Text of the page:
“So just in keeping with who I am as a person, have absolutely no chill, whatsoever. Do not know how to turn it off.”

I was counseling at a camp — I think I’ve told this story before here — and I was leading a team. They did a tournament throughout the entire week of camp. So each day your team would play a different sport and then they would do a different activity. And depending on if they won or lost by how much they would get team points and the team with the most points at the end of the week would win a trip to get ice cream. It was very exciting. So one of the games that we played was soccer. And at the time, I think I was playing in college. So just in keeping with who I am as a person, have absolutely no chill, whatsoever. Do not know how to turn it off. I’m going — and like you know, there is a piece of, “You’re supposed to be competitive, like, as the counselors,” and the kids were always stoked if you were like a ringer for whatever the sport was. But most adult counselors kind of took it semi-easy, some of the time.  But anyway, so I’m playing soccer. I, obviously, have my soccer cleats in my car. So I’m like wearing cleats, literally no one else is, or like, maybe three people are. And as I’m walking onto the field the counselor from the other team just in passing mentions, “Hey, this kid is a little bit intimidated or scared of soccer so, you know, just welcome him with open arms.” So he’s on the other team. And this kid is a freshman or going i- — maybe going into freshman year, and just so tiny like, he probably hasn’t hit puberty, just a really little guy. And I’m sure, you know, give him a summer and he’ll be six foot — feet tall but he was not at that point. So I said “Oh, yeah, of course! Totally, no problem.” 

And we go onto the field and we’re playing and it’s fine. And I am playing defense, as I do, and I go to clear the ball, which means kick it very, very far. And I do that and he kind of steps and jumps at the right exact time to get just blasted in the face. I just completely blasted this child in the face. I — he immediately starts to cry. I am feeling bad, just questioning all of my life decisions. What is wrong with me? Who knows? Could not tell you. I put my arm around him. “Are you okay? Let me take you to the nurse. I’m so sorry.”  You know. So I walk off the field with him and we’re walking down to the infirmary and I’m just trying to distract him, just saying words. I don’t really remember all of the words that I said, but one of the things I said was “Are you having an okay time here?” You know, in between me apologizing, I say this. And he says, “Yes,” he’s crying, “yes.” I say “Oh, why? Like, okay cool. Wha- — why?” “Oh, I’ve just been making so many friends,” sobbing. So I’m feeling just worse and worse. I bring him to the infirmary and they make sure his face is not broken, his nose is not broken. And it wasn’t, so that’s good. But I did make him cry in front of twenty to thirty other peers. So, um, you would think after that story — ‘cause I was rightfully embarrassed and ashamed, felt like a big idiot. Was flexing too hard, was trying to be real competitive, was not playing against other college students, did not need to do that. So you’d think that like “Okay, this happened many years ago, I have now amended my ways. I am able to casually play a game of Backgammon.” Well, you would be wrong because it’s just not in me.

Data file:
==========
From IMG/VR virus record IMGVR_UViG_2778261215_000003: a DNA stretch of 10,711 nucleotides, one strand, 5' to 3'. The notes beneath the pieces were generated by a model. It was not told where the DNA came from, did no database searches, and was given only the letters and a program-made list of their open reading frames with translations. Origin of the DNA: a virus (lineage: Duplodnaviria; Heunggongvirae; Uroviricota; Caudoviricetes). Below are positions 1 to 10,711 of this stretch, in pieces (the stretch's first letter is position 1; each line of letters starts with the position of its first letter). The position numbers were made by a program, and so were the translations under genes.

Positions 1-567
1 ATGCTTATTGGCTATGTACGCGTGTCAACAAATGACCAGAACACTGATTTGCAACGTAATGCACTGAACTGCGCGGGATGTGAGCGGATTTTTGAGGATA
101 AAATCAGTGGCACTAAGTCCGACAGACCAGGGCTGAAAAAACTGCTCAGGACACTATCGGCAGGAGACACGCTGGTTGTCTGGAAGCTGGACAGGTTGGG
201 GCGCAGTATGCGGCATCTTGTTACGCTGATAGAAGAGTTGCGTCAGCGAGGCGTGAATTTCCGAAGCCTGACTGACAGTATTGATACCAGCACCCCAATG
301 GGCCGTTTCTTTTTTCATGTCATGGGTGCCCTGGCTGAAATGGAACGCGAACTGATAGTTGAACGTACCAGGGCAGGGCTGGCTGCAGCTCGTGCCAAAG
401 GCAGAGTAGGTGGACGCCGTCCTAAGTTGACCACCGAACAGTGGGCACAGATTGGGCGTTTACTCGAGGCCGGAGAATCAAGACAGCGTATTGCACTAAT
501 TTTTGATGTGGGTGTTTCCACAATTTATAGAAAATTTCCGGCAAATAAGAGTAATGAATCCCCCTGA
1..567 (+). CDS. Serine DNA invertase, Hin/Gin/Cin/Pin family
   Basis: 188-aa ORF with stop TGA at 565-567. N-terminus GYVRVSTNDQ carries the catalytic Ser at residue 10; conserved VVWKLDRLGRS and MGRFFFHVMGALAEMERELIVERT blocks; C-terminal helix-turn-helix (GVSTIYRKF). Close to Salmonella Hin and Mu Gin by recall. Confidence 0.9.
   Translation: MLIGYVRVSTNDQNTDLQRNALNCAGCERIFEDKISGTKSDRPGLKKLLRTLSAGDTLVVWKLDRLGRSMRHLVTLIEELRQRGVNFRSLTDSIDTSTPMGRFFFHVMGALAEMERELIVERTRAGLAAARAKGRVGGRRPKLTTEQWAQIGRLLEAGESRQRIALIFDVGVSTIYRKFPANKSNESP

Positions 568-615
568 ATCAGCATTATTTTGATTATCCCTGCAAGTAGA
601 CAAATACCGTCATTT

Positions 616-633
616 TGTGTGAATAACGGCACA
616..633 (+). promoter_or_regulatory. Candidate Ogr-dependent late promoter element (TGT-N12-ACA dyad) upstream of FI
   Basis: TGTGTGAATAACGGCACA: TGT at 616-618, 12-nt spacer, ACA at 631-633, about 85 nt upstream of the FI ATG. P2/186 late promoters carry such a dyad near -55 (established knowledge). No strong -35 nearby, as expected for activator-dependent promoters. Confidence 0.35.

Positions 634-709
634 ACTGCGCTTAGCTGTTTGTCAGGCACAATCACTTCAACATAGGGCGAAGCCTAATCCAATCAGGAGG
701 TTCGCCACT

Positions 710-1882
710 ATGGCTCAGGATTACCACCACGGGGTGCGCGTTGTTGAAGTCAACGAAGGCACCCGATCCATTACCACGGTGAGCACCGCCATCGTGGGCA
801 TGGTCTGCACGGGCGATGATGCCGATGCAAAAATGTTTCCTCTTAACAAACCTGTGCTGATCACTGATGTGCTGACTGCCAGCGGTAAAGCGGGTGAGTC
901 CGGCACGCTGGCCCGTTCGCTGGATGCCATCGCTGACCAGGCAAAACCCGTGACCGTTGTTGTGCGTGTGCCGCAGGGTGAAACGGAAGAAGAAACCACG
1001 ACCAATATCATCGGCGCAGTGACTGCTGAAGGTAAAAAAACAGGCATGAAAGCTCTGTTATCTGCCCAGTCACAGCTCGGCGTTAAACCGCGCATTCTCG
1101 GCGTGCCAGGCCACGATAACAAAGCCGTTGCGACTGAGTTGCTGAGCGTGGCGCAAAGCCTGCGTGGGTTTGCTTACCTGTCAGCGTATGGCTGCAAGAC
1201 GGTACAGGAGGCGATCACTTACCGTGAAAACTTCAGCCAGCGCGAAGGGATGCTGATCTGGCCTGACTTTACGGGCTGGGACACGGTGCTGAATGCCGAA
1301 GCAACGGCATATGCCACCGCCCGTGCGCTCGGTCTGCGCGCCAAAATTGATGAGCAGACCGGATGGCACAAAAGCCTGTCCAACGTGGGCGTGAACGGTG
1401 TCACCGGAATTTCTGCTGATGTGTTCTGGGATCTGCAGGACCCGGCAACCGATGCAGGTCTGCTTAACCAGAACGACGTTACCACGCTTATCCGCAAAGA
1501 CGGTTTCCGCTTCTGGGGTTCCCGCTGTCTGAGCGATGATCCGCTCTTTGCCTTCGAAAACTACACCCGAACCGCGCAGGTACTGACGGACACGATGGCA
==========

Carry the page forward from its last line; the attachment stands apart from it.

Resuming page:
Recent Stories